I expected to be exhausted as a parent of a newborn, but at three months old I knew she and I were both ready for sleep training. While my little angel was doing fairly well at night – waking about every three hours, eating, and then going right back to sleep – it was beginning to wear heavily on me.
So I dove head first into a couple of sleep training books. I wasn’t a fan of crying it out and was very wary of the books that promoted strict schedules. The first book I read was The No-Cry Sleep Solution by Elizabeth Pantley, the second was The Baby Sleep Book: The Complete Guide to a Good Night’s Rest for the Whole Family by Dr. William Sears. I would recommend both of these books, by the way. Enlightened by Dr. Sears’ explanation of how a baby sleeps, I began to implement some of Pantley’s techniques and began to feel like maybe I had some direction to getting my baby to sleep better and longer. For two long months I did everything I could to get my baby to sleep. I even wore her to bed a few times and slowly took off the sling! If you are pregnant and reading this, I say this to you: I know you are most likely receiving all of the parenting information you never asked for, but I promise you one thing, you will do what you need to in order to sleep.
Now, let me clarify, this baby wasn’t just up screaming for no reason. What prompted me to begin sleep training was I needed her to sleep longer stretches at a time and be less dependent on me to fall asleep (namely nursing to sleep).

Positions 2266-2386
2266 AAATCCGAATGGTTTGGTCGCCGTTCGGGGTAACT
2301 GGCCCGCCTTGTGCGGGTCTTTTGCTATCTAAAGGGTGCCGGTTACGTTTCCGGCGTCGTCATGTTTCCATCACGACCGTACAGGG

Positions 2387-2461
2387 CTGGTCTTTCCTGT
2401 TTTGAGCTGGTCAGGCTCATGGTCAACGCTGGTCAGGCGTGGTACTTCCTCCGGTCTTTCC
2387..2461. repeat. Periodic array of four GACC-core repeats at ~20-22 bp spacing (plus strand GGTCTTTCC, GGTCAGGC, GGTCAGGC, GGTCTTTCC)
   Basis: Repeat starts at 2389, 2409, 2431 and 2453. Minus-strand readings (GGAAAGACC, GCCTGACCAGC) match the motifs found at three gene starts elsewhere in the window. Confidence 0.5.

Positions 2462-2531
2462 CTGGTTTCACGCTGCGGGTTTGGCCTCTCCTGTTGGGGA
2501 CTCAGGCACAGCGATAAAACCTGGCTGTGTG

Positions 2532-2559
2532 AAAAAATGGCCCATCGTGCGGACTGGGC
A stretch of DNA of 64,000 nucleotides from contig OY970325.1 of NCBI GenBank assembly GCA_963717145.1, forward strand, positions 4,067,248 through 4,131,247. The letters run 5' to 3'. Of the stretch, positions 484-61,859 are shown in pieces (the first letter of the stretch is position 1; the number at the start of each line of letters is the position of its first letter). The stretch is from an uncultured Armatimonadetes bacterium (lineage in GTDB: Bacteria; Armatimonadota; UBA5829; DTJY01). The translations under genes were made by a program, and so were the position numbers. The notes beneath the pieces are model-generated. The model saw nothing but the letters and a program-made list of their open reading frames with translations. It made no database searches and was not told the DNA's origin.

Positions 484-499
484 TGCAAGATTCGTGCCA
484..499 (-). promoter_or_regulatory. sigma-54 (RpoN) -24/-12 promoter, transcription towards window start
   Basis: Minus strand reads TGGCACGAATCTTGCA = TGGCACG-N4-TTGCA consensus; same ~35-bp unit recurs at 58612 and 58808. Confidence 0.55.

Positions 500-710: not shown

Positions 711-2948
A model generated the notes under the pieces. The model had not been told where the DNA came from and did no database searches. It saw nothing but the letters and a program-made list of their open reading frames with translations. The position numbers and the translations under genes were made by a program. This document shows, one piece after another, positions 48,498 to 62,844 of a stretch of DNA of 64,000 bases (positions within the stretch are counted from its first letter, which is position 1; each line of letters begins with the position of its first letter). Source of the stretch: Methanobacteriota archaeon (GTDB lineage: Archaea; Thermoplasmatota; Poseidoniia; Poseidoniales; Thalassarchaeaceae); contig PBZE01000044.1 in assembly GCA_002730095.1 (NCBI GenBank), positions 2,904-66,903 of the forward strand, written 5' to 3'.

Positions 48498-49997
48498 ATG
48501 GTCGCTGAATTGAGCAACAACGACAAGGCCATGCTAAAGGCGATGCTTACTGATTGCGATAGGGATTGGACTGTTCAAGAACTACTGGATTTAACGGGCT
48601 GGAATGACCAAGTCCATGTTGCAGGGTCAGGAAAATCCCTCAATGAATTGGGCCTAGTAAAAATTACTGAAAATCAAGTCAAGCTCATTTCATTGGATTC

Fast forward two months (five months old), I was even more tired. Things seemed to have gotten worse! I don’t know how, I don’t blame the authors of those books, but I just could not get her to sleep like I needed her to do. When I seemed to make headway on a particular issue, she seemed to pull the rug out from under me! We would take two steps forward and one step back. I became so discouraged, confused, and just… at a loss as to what to do. I reread the books and with every new day I awoke, bleary eyed and tired, with a new resolve to help us both get better sleep. As any new, sleep deprived mother does, I turned to those who had been there and done that. I asked questions on Facebook and did more research on the Internet, all to no avail. There were plenty of suggestions, but I don’t think anyone really understood what was going on. When you tell people your baby isn’t sleeping, they assume that you’re up all night with a screaming child. ‘Tisn’t so my friends. One dear friend of mine had previously had sleep issues with her little one as well and she urged me to contact the baby sleep consultant she had used at Belly to Bean Sleep Consulting.
Now, another month later (baby’s 6 months old), I’ve contacted Nicole (the sleep consultant) and am anxiously awaiting my consultation. I’ll be blogging about my journey with this sleep consultant, but not revealing any secret methods she may have.
In case you’re having the same issues, here’s what I’ve been facing:
-Rocking and/or nursing to sleep
-Wakes upon being laid down
-Night time is anyone’s guess
-Wakes too frequently at night (I’m trying to get night wakings down to two wake ups at least)
-Can’t settle herself back to sleep